(You’ll have access to
the famous CCI snacks!)
If the following describes you: kind, approachable, compassionate, energetic, spirited, resourceful, and can maintain a smile and sense of humor even during the most challenging of days then we hope you will apply for this opportunity.
Applicants must submit a résumé, cover letter that explains why you want to work at the CCI and the names of two references to be considered for this position. Apply via PeopleAdmin here. Deadline to apply is 4/28.
(Did we mention you get to work with not one, not two, not three, but FOUR dogs who are part of the campus “Dogs at Work” program?)
So you’ve found the perfect summer internship, but how do you know if your internship is going to provide you with what you need if you’re not sure what type of experience it is that you want, or if you haven’t established any goals to know what you hope to accomplish?
The most amazing internship experiences are those that prepare students for the work they hope to do after graduating from Midd.
How to Choose Your Goals
From the folks at wayup.com in their article, “How to Set Great Internship or Job Goals” (read the full article here):
Setting the best, achievable goals for your internship or entry-level job largely depends on knowing what you want, what you’re capable of, what your role will enable you to reasonably do, and what the company is trying to do. When setting your goals, it’s important to ask yourself a few key questions.
First, ask yourself why you accepted this internship or job. This should help you figure out what you should try and learn from it. Understanding your own personal motivation for taking the job should help you set a good personal learning goal.
Second, consider what the company is trying to do. Your goals should benefit you and the company. If your goals don’t align with the company’s goals, then your efforts likely won’t have any impact on the company’s success and you won’t be able to demonstrate your value to the company.
Third, ask yourself what type of impact you’d like to have on the company. What would you be most proud of achieving?
Fourth, examine the responsibilities of the role you have at the company and determine what your role will enable you to achieve. If you’re a sales intern, you probably won’t be super successful at helping the company achieve their engineering-related goals.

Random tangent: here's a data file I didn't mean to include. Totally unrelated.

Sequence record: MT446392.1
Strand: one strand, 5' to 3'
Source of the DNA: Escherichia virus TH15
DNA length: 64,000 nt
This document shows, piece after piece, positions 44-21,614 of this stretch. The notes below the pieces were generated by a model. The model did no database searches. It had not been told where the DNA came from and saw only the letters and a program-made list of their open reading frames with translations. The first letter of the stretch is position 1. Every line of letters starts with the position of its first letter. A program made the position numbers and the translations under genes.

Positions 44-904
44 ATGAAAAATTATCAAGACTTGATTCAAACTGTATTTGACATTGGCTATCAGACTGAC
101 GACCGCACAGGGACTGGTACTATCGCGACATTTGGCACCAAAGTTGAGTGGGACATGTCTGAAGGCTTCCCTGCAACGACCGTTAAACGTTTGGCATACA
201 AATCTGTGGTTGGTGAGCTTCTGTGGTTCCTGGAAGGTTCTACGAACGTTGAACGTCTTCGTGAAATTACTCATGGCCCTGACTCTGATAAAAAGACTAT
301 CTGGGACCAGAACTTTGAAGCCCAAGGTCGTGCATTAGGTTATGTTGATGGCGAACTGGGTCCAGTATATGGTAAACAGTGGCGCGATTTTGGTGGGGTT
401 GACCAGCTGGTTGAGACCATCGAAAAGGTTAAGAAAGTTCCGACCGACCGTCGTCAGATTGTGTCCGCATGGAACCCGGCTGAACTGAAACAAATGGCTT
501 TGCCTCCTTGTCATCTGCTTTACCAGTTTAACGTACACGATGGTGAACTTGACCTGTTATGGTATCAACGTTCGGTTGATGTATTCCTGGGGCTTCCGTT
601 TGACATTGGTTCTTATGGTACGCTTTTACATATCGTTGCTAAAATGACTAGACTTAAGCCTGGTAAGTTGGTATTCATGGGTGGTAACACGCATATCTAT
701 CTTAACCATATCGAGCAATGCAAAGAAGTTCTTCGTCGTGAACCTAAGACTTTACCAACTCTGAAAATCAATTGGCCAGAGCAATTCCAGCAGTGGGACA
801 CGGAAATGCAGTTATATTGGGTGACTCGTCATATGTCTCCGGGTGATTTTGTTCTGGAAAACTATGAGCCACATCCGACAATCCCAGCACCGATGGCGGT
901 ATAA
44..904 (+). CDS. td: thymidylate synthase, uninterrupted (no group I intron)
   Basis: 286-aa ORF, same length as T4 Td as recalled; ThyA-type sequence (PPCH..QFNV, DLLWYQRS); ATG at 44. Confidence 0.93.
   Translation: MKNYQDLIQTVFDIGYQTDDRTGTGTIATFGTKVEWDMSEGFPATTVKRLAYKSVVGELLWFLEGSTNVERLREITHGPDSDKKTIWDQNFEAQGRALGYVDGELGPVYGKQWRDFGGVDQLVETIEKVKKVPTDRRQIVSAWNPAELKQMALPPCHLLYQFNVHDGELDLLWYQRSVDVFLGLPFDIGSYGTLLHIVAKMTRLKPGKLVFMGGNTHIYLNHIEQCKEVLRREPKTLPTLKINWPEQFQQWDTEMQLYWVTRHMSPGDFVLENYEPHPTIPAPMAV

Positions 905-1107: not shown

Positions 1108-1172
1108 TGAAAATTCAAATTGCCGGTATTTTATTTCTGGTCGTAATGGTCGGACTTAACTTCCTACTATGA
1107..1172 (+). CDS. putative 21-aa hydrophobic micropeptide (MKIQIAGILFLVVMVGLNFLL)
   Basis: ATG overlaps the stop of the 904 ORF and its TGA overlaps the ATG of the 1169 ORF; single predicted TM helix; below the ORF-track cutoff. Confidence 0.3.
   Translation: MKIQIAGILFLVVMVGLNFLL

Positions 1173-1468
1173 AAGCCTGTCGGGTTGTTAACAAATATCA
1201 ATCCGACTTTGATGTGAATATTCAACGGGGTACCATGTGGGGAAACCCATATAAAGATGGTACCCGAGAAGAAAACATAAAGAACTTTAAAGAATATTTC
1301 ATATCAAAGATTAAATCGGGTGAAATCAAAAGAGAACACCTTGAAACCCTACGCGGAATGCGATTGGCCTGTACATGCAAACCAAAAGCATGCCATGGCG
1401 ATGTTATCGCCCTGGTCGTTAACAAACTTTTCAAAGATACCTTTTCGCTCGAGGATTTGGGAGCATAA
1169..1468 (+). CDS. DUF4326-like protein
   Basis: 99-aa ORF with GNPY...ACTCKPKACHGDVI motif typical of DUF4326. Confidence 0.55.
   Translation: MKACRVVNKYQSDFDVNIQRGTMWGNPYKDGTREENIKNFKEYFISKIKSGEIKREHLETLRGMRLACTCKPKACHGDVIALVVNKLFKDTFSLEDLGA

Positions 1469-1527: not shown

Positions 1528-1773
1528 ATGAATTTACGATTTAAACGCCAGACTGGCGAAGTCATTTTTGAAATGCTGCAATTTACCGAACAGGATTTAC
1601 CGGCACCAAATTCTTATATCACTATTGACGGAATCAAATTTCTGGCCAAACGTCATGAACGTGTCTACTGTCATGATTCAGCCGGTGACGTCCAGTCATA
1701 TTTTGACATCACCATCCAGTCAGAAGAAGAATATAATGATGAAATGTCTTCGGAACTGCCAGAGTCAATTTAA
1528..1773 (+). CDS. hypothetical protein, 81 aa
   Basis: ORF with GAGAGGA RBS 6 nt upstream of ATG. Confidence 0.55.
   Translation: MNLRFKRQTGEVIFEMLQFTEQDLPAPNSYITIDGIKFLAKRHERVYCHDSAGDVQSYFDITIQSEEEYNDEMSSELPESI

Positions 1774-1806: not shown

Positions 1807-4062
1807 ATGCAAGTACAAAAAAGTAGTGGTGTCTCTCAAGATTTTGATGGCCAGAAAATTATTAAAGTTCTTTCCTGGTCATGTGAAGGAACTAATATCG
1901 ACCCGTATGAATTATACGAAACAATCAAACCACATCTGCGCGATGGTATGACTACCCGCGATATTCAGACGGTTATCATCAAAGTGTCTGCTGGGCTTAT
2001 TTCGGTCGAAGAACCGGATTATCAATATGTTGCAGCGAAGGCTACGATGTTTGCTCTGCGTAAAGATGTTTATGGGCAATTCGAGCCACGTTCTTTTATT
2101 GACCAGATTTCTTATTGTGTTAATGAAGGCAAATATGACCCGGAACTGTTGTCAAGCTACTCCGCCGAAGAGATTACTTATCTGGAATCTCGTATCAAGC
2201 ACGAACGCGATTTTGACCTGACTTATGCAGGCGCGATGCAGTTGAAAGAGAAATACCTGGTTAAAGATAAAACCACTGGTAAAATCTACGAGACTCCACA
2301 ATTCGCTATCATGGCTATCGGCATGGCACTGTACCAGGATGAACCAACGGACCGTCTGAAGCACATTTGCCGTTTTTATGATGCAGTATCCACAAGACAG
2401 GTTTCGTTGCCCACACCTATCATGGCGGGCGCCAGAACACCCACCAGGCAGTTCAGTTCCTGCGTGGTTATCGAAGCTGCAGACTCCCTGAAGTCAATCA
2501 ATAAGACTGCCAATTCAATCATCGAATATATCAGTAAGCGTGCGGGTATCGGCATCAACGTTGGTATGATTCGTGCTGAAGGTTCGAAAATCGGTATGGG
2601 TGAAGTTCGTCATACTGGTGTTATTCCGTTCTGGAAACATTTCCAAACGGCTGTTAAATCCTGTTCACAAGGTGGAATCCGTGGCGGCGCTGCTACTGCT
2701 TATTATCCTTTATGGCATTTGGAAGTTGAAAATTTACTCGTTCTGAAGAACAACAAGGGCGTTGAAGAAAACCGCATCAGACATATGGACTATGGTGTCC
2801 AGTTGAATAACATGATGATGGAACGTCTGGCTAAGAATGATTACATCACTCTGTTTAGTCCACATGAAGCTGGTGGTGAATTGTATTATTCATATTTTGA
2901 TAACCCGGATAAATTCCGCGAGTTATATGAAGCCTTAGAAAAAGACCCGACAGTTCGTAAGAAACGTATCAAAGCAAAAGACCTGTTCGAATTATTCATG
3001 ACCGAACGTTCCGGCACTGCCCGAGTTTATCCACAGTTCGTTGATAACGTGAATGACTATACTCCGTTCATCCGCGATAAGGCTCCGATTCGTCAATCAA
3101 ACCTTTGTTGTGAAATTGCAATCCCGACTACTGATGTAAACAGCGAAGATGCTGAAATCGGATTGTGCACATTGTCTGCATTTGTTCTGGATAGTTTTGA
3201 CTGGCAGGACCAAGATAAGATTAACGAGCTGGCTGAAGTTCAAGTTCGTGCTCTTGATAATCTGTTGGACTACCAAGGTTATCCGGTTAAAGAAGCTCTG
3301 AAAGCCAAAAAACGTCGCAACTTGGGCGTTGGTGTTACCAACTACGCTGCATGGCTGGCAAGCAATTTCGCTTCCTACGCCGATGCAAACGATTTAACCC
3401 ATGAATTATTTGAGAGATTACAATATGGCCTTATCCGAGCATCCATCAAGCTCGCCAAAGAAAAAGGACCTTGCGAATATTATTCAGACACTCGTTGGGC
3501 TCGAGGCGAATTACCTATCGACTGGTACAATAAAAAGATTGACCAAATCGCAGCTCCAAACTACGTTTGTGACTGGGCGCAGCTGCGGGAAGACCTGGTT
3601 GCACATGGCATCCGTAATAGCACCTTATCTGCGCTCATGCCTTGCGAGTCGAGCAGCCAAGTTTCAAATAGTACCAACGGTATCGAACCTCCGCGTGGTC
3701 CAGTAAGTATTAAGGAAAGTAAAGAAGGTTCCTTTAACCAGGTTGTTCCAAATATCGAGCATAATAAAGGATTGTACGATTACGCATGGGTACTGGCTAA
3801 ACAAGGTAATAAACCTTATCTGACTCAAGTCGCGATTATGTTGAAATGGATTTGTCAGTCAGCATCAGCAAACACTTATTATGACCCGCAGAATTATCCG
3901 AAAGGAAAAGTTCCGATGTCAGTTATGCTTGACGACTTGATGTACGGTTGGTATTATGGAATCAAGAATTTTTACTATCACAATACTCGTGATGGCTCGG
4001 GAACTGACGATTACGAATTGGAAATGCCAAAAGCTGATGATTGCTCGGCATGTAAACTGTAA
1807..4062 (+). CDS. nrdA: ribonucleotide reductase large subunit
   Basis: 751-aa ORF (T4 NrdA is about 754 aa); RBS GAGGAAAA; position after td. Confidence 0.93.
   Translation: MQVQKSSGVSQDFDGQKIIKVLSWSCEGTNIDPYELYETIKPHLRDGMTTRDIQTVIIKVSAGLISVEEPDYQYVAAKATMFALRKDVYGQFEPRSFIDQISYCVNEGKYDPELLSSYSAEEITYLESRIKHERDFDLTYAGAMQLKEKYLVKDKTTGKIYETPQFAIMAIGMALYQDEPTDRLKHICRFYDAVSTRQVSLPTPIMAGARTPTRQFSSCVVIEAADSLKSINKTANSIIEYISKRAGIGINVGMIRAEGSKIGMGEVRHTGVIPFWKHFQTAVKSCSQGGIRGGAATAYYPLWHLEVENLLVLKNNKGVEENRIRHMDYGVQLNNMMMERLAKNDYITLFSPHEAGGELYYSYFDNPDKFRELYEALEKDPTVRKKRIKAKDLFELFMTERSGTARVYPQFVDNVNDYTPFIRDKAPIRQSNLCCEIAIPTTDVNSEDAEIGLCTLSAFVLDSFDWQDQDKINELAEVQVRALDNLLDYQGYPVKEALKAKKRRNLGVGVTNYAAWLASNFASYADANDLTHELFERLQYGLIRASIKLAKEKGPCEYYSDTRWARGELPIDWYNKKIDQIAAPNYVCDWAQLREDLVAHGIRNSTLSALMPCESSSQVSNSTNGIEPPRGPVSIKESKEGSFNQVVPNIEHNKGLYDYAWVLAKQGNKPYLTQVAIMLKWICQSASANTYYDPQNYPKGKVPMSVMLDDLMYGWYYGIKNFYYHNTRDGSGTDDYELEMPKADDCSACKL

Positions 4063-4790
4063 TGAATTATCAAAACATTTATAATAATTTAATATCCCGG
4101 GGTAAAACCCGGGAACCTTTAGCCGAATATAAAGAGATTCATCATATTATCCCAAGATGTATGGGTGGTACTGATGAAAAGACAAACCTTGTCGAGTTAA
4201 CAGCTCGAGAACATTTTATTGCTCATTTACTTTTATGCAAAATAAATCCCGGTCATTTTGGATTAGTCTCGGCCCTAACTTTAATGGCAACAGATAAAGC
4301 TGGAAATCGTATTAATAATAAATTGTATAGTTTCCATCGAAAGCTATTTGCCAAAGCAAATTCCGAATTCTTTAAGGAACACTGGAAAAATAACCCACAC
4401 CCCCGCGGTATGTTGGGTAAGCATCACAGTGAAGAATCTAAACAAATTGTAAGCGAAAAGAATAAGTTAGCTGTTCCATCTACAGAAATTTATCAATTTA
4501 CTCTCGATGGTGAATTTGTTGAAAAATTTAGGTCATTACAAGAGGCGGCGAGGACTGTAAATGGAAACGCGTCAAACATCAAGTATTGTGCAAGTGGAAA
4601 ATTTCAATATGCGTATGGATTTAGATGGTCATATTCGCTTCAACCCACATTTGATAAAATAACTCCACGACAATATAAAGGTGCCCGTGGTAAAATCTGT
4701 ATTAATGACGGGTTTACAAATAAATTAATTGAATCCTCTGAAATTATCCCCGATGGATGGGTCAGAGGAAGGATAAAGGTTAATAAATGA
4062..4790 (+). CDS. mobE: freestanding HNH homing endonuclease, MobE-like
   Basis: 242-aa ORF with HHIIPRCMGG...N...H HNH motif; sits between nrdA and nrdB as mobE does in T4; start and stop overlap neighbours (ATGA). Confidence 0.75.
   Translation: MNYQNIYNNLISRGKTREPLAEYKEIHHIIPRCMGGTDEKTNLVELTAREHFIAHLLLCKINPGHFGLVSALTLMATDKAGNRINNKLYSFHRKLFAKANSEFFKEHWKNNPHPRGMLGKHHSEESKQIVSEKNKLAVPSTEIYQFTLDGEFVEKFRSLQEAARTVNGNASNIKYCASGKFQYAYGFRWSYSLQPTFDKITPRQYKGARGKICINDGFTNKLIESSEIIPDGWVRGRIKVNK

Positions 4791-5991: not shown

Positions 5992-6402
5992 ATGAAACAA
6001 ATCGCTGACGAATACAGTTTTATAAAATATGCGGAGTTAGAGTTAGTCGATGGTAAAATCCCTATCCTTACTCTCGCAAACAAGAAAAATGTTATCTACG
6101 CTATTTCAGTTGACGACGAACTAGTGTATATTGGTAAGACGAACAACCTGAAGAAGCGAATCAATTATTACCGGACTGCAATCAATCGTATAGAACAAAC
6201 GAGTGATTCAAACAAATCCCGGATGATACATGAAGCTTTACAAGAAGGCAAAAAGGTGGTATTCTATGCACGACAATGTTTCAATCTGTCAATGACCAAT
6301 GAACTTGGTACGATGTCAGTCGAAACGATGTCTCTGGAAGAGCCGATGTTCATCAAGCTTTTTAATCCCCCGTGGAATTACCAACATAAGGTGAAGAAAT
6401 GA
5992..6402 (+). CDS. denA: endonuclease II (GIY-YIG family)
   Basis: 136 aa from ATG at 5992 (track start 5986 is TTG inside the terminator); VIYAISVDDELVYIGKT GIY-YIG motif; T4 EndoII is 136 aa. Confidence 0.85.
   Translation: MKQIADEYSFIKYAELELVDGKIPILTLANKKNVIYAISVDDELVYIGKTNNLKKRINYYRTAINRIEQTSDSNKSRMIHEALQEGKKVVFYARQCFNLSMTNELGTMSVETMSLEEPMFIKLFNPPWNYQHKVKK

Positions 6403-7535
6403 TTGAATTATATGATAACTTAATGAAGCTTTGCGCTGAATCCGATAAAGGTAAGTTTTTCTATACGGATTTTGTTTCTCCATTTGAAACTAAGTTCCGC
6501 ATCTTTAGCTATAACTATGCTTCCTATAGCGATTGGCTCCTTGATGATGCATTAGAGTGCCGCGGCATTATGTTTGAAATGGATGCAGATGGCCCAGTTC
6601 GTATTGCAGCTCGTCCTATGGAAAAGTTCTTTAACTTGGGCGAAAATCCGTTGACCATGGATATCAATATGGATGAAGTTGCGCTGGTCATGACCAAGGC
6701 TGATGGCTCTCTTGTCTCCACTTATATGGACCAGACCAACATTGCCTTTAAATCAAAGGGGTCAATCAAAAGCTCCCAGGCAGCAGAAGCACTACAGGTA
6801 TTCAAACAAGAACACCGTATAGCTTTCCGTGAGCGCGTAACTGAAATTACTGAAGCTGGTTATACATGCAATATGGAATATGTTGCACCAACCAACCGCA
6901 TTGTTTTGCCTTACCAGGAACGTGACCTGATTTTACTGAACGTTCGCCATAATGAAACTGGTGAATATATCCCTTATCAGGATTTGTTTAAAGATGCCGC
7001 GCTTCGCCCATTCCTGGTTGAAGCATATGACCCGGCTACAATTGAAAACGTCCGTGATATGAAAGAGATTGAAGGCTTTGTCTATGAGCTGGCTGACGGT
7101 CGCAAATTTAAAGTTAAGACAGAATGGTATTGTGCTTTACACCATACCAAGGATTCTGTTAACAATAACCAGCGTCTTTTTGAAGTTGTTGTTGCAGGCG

Internship Goal Examples
- Social media marketing intern – Grow Twitter followers by 25% by the end of summer.
- Software Engineering Intern – Learn Ruby on Rails and deploy 1 new feature by the end of summer.
- Anyone – Have coffee with 1 full-time employee each week.
Once you have your goals set, it is helpful to track your progress. A good rule of thumb is to check in on your status one time dimension below the scope of your goals. For example, you should check on any monthly goals every week.
Do what you can to make the most out of your summer internship. Make friends with your coworkers, take lots of notes, go above and beyond to help where needed, and always act professionally. This will make you stand out and hopefully gain some contacts within your field, which will hopefully lead to some job prospects!
Check out these helpful internship tips from former PCAS:
Check out this Funded Internship – deadline extended to 4/21!
Develop “Rise and Walk” walking groups throughout Addison County.
The local Addison County RiseVT Program has 3 broad goals:
- To increase physical activity, especially walking
- Increase access and education around nutritious foods
- Foster a sense of neighborliness among residents, decreasing isolation
As part of their quest to increase physical activity, especially, walking, among residents, RiseVT is introducing “Rise and Walk”.
Research and develop .5 and 1.0 mile and 2.0 mile walking routes and produce Rise and Walk Map for each community by considering:
- Safety of walking routes
- Feasibility of walking within the community, with or without added safety measures
- Difficulty of route
- Readiness of communities to host walking initiatives